Without making it obvious, through his poetic cricket, he taught us quite a few things. He never peeped or jumped out of the frame which held the Indian team. He always sat within the frame. One could see his game within the Indian game and not divorced of the team performance. He made us watch the game and not his game. That was his greatness as he was not the hero of the game but only a supporting star. Team India never played for Dravid and it will not play for him even today. It can’t happen so because Dravid plays for India and that is how it ought to be and not the reverse. He taught us the team was above individuals and the job of an individual is to strengthen the team and its performance and he made us realize one more thing which was crucial. He made us realize, without us knowing it, that a game continues even after Sachin walks back to the pavilion even after Ganguly walks back to the pavilion. He made us realize that cricket continued even without those who we gave the status of larger than cricket.

Cricket will continue even without Dravid and that is what he, through his game, has taught us. But the game of ODI cricket with Dravid’s departure, will feel his loss because he was someone who was a mix of traditional and the modern styles. He was Gavaskar, Hazare, Azharuddin, Sachin, Ganguly and also Dhoni at the same time. He was a perfect mix of the old and the new, keeping the history and memory of cricket alive in his game. Even in his 20-20 game, one could see the patience and values of Test cricket and even in his one-day innings, when required, one could see the aggressiveness of a 20-20 game. With his departure, this link between the past and present is almost broken.

I don’t know how many would realize the greatness of a player like Dravid in this IPL era. We will have many thrilling moments in T20 cricket, but will we have Dravidian moments? Dravidian moments which keeps alive history and memory, while still being in touch with the present. I doubt. So i say, it is the end of history…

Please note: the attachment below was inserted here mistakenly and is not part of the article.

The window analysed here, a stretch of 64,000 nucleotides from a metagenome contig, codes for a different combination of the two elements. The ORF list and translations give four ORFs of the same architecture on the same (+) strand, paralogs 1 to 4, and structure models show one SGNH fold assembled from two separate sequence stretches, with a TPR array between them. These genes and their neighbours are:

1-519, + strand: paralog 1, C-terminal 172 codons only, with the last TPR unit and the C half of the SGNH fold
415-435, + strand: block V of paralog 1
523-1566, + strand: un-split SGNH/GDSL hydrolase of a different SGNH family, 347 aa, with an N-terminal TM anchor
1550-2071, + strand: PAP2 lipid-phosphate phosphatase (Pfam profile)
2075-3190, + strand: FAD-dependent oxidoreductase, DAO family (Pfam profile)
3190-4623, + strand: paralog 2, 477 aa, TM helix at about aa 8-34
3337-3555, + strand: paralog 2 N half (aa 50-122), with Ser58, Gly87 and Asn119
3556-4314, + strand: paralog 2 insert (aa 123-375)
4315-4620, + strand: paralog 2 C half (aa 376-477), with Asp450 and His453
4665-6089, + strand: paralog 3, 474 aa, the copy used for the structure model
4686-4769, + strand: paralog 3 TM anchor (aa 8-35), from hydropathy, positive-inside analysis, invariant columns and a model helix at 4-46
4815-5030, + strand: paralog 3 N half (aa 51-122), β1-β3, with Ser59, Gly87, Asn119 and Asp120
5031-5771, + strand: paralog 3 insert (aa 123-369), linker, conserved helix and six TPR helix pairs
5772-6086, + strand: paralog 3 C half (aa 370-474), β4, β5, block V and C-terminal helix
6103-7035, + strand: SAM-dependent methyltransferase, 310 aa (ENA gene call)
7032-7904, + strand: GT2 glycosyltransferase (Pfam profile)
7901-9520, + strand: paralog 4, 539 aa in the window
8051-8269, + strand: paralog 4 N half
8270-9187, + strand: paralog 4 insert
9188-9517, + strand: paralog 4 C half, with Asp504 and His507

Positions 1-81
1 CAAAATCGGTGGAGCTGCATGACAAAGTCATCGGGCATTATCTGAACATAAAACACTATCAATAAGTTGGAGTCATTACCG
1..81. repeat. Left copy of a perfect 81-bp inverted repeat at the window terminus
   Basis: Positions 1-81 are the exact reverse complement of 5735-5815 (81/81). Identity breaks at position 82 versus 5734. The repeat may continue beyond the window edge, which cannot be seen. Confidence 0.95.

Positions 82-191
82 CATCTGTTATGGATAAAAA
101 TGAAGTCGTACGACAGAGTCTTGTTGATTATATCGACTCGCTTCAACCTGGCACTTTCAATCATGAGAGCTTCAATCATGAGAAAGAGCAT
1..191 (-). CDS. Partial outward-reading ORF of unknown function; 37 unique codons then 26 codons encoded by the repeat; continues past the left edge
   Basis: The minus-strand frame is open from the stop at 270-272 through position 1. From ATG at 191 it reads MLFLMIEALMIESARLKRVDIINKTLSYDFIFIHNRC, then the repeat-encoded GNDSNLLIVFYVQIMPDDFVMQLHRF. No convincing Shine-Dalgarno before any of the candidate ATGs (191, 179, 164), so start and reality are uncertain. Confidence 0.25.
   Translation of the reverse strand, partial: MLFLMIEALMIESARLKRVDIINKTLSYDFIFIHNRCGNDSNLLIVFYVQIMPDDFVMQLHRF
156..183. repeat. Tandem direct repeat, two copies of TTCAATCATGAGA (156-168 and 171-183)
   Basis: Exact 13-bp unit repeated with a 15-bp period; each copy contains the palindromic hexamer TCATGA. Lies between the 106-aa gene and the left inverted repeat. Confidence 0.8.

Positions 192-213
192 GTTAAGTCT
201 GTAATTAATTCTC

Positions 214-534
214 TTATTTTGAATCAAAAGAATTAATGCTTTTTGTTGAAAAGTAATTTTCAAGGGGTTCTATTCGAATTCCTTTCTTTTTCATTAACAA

Advertisements

8 Comments

  1. Departure of Dravid: End of History « Crazy Mind's Eye | Unlimited Possibilities said,

    […] when required, one could see the aggressiveness of a 20-20 game. … Continued here: Departure of Dravid: End of History « Crazy Mind's Eye └ Tags: dravid, exit, his-one-day, near-the-exit, patience-and, sachin, same, […]

  2. Prachee said,

    Very well written!
    Dravid’s a class apart. I am so going to miss watching him play. Can’t believe that he’ll not be playing anymore at all soon!

  3. ghanashyam said,

    very well written! I remember some one holding a placard yesterday which read something like Sachin is our God, but the Gods are always behind the Wall

  4. Srikumar said,

    Very well written; you have managed to remember all the poignant moments of his career and pretty sharp perspective too. Keep the words flowing… 🙂

  5. Veda said,

    “Dravid’s batting is sheer poetry..” Not a sports fan, not a Dravid fan..But this post made me smile and sigh..I dont understand your urdu sonnets Samvartha, but this…words threaded carefully together, you’ve drawn a beautiful picture for someone like me, whose been oblivious to this man’s greatness. Well written. Sports or not, keep at it..

  6. MI said,

    very nice article infact… as you mentioned Dravid’s hardwork always been over shadowed by sachin & saurav all the time he shined with his bat.. but people can never forget this man for his stylish cricketing shots which sachin & saurav is not good at like dravid…

    he is a classy player next only to lara .. when it comes to patience Dravid is always there ..
    I remember Sidhu once told the media about dravid that ” he is the one player who will walk on the broken glasses whenever his team wanted him to ” this shows how sincere dravid is about cricket..

    he is really an unsung hero of indian cricket .. we missed to praise him ..:((

    we will certainly miss him deeply , ..

  7. Jajabor said,

    Lovely!

  8. Sandeep said,

    Very well written …loved the phrase” Dravid’s batting is sheer poetry”.Its sinking into me very deeply.

Leave a Reply

Fill in your details below or click an icon to log in:

WordPress.com Logo

You are commenting using your WordPress.com account. Log Out / Change )

Twitter picture

You are commenting using your Twitter account. Log Out / Change )

Facebook photo

You are commenting using your Facebook account. Log Out / Change )

Google+ photo

You are commenting using your Google+ account. Log Out / Change )

Connecting to %s

%d bloggers like this: